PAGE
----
The total volume of assets bought by the central banks of the euro area in their monetary policy transactions stood at 3.2 trillion euros on 23 February this year. Of this, 1.5 trillion euros is in monetary policy assets where the risks and income are shared among the euro area central banks using the capital key. Eesti Pank’s share of all the assets purchased by the central banks of the euro area for monetary policy purposes is 4 billion euros

Hedging of monetary policy risks
To hedge against the risks of the monetary policy loans, the central banks of the Eurosystem have the right of claim against banks that have taken loans. The content of the collateral is the equity of the bank that has taken the loan. The euro area central banks only give out loans if collateral is provided, meaning that if the bank cannot pay back its loan to the central banks, then the central banks can instead take the collateral. If even this is not enough, the credit risks for the central banks are reduced by the national authorities and their desire to recapitalise their insolvent banks.

The SMP is backed by the promises of governments to meet all their obligations in full, meaning that if governments fail to meet their obligations fully or partially, including their obligations to the central banks of the euro area, then the euro area central banks suffer the loss.

The capital of central banks and its importance
In this case, the capital of Eesti Pank and the other central banks that is meant is the wider sense of the part of the reserves and capital that the bank can use to cover losses.

The level of capital of the central bank is important because a central bank that has little or negative capital can cause two sorts of public concern. The first is the question of the central bank’s independence, if the bank needs to ask the government for additional capital. The second is the question of how much the central bank really wants to meet its inflation targets, which will then cause increased public expectations of inflation. The result of both these concerns is a loss of trust and of public faith that the central bank will be able to keep inflation under control successfully.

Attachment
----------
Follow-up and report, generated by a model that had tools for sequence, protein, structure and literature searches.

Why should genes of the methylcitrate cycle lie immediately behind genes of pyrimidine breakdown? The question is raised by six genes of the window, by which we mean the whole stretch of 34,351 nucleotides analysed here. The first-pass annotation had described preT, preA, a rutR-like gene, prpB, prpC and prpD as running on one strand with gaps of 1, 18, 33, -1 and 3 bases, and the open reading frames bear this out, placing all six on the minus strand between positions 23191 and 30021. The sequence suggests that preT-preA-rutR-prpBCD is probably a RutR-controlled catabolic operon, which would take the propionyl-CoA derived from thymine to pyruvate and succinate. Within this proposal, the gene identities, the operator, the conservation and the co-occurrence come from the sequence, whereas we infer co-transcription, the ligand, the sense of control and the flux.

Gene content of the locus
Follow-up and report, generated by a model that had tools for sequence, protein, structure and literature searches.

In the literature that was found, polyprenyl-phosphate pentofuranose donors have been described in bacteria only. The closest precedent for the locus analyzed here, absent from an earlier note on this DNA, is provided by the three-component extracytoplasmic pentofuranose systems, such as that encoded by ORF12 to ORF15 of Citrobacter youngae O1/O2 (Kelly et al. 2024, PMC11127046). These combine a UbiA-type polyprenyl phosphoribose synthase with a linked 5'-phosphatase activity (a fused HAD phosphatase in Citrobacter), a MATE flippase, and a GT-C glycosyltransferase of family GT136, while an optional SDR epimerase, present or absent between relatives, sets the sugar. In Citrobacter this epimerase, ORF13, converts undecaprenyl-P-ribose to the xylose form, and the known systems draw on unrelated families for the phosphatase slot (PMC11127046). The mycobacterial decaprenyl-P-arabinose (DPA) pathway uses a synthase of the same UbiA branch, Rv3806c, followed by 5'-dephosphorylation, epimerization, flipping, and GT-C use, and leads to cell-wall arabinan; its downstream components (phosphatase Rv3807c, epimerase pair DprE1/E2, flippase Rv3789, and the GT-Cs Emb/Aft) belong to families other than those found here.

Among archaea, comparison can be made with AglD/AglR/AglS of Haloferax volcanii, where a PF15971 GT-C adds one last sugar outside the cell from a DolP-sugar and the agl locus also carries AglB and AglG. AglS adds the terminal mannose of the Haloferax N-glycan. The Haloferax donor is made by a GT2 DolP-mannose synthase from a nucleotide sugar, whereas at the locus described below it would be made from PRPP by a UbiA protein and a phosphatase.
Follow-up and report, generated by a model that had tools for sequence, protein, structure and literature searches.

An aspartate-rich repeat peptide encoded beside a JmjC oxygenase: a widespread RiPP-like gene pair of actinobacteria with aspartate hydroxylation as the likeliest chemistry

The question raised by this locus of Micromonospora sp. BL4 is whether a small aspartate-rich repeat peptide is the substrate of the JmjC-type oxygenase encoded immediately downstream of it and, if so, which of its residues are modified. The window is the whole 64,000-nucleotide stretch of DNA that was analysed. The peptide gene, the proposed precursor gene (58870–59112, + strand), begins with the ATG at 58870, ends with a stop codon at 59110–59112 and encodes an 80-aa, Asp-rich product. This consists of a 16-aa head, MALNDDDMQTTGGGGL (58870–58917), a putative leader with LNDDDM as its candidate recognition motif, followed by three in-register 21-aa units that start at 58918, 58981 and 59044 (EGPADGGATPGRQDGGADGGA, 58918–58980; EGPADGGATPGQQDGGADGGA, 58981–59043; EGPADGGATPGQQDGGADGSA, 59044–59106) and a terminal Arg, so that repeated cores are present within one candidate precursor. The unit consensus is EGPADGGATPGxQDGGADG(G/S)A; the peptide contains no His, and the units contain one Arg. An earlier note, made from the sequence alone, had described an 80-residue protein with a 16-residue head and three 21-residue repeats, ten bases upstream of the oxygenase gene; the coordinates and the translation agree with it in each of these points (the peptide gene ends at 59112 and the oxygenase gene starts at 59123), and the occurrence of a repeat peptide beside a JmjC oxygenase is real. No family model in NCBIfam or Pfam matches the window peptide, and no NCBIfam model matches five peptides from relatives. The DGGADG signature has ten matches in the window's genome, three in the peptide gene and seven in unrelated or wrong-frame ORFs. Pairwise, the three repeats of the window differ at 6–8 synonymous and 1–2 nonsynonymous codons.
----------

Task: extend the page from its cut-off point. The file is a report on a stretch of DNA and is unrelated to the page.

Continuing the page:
Source: Bank of Estonia (Estonian central bank Eesti Pank)

The closure of Versobank has little effect on the Estonian economy

  • The Estonian banking sector as a whole is stable and strong
  • Deposits at Versobank account for 1.5% of all the deposits in banks operating in Estonia
  • Versobank had 253 million euros of deposits, 87% of them held by non-residents

The closure of Versobank after its breach of anti-money laundering rules will have very little impact on the Estonian economy and banking as Versobank had only a marginal market share and the majority of the deposits in the bank are owned by non-residents.